Bloor-Gladstone branch of the Toronto Public Library, in the north end of Dufferin Grove
|• City Councillor||Ana Bailão (Ward 18)|
Mike Layton (Ward 19)
|• Federal M.P.||Julie Dzerowicz (Davenport)|
Adam Vaughan (Trinity—Spadina)
|• Provincial M.P.P.||Cristina Martins (Davenport)|
Han Dong (Trinity—Spadina)
Dufferin Grove is a neighbourhood located in Toronto, Ontario, Canada, west of downtown. The neighbourhood is bordered by Bloor Street West to the north, Ossington Ave to the east, College Street to the south, and Dufferin Street to the west.
The area is very green, with many trees and some of largest gardens and yards in Toronto. The neighbourhood has a very active night life, with many "hip" and urban restaurants scattered along Bloor and College. There are also many small independent specialty shops like bakeries, smoothie shops, and bike stores. The main streets of the neighbourhood are Bloor, College and Dufferin Streets. Dufferin, a four-lane arterial, which is mostly residential with the exception of the Dufferin Mall on the west side south of Bloor. College Street is a four-lane arterial road, with a mix of commercial storefronts and residences.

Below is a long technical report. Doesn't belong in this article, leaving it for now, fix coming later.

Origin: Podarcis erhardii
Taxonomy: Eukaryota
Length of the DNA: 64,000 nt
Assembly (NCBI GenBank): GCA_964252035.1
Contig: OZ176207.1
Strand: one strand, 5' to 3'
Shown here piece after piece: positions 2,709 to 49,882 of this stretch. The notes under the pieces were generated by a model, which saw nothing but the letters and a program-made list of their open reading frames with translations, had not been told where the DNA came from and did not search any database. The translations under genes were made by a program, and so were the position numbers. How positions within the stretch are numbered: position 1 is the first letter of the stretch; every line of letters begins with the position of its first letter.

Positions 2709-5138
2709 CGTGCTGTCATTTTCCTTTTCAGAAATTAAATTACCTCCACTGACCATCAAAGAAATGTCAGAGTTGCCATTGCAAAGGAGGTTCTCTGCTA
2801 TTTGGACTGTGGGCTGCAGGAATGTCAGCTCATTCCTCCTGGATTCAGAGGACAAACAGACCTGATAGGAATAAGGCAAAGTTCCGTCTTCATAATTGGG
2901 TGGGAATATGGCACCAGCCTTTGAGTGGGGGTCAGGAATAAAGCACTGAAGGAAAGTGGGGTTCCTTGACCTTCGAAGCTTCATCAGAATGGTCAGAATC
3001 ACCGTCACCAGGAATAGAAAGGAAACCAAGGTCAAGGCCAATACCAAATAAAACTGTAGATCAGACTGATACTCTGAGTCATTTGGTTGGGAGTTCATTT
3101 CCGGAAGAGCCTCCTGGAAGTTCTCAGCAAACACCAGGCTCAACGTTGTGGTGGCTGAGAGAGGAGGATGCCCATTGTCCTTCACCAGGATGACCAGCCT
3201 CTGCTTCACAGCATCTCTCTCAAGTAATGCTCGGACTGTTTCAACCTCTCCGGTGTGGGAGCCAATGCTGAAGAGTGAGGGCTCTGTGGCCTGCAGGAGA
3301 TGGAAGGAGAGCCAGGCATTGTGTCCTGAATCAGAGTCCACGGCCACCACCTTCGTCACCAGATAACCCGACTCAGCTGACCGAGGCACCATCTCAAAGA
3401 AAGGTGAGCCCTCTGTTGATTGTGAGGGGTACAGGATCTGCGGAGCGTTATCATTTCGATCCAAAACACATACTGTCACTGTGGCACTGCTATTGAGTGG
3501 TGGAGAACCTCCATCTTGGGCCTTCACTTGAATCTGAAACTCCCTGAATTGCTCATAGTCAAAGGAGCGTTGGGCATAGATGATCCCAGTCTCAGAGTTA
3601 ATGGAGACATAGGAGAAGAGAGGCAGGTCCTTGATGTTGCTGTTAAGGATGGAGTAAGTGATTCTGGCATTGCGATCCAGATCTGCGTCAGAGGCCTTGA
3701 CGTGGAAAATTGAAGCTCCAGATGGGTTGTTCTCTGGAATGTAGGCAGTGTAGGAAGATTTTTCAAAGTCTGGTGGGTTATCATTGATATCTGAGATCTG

The neighbourhood is predominantly two or three-storey detached or semi-detached homes at a fairly mid-density. The majority of Dufferin Grove houses were built between 1890 and 1930. Dufferin Grove's semi-detached and detached houses are larger than those found in most downtown Toronto neighbourhoods. The architectural style of the homes in Dufferin Grove range from early and late Victorian to Edwardian and English Cottage style designs. Dufferin Grove is a popular family-oriented neighbourhood due to the size of the houses and the amenities including a popular community park, a shopping centre, schools and access to public transit.
Dufferin Grove is home to two elementary public schools, Ossington Old Orchard Public School and Dewson Street Junior Public School.
The Dufferin Grove district was first settled by the Denison Family, who emigrated to Canada from England in 1792. The Denisons were active participants in Toronto's early military and political affairs. Their country villas were Toronto landmarks, that had titles such as "Dover Court", "Rush Holme", and "Heydon Villa". In 1834, with the city encroaching at their doorstep, the Denisons decided to clear the dense forest covering their property, and began cultivating this land. The fertile soil in the area yielded abundant crops and brought the Denisons great wealth. However, by the 1880s, the value of the Denison estates lay in housing development not agriculture. Thus rows of crops were gradually replaced by rows of houses and the current neighbourhood was developed.
In the west (and to an extent east) end of the neighbourhood there is a large population of Portuguese, spreading out from Little Portugal located to the south-west.
The area has a larger than average population (compared to the rest of Toronto) in the age groups between 25–39, according to 2006 census data.
- "Gender & Age Profile" (PDF). City of Toronto.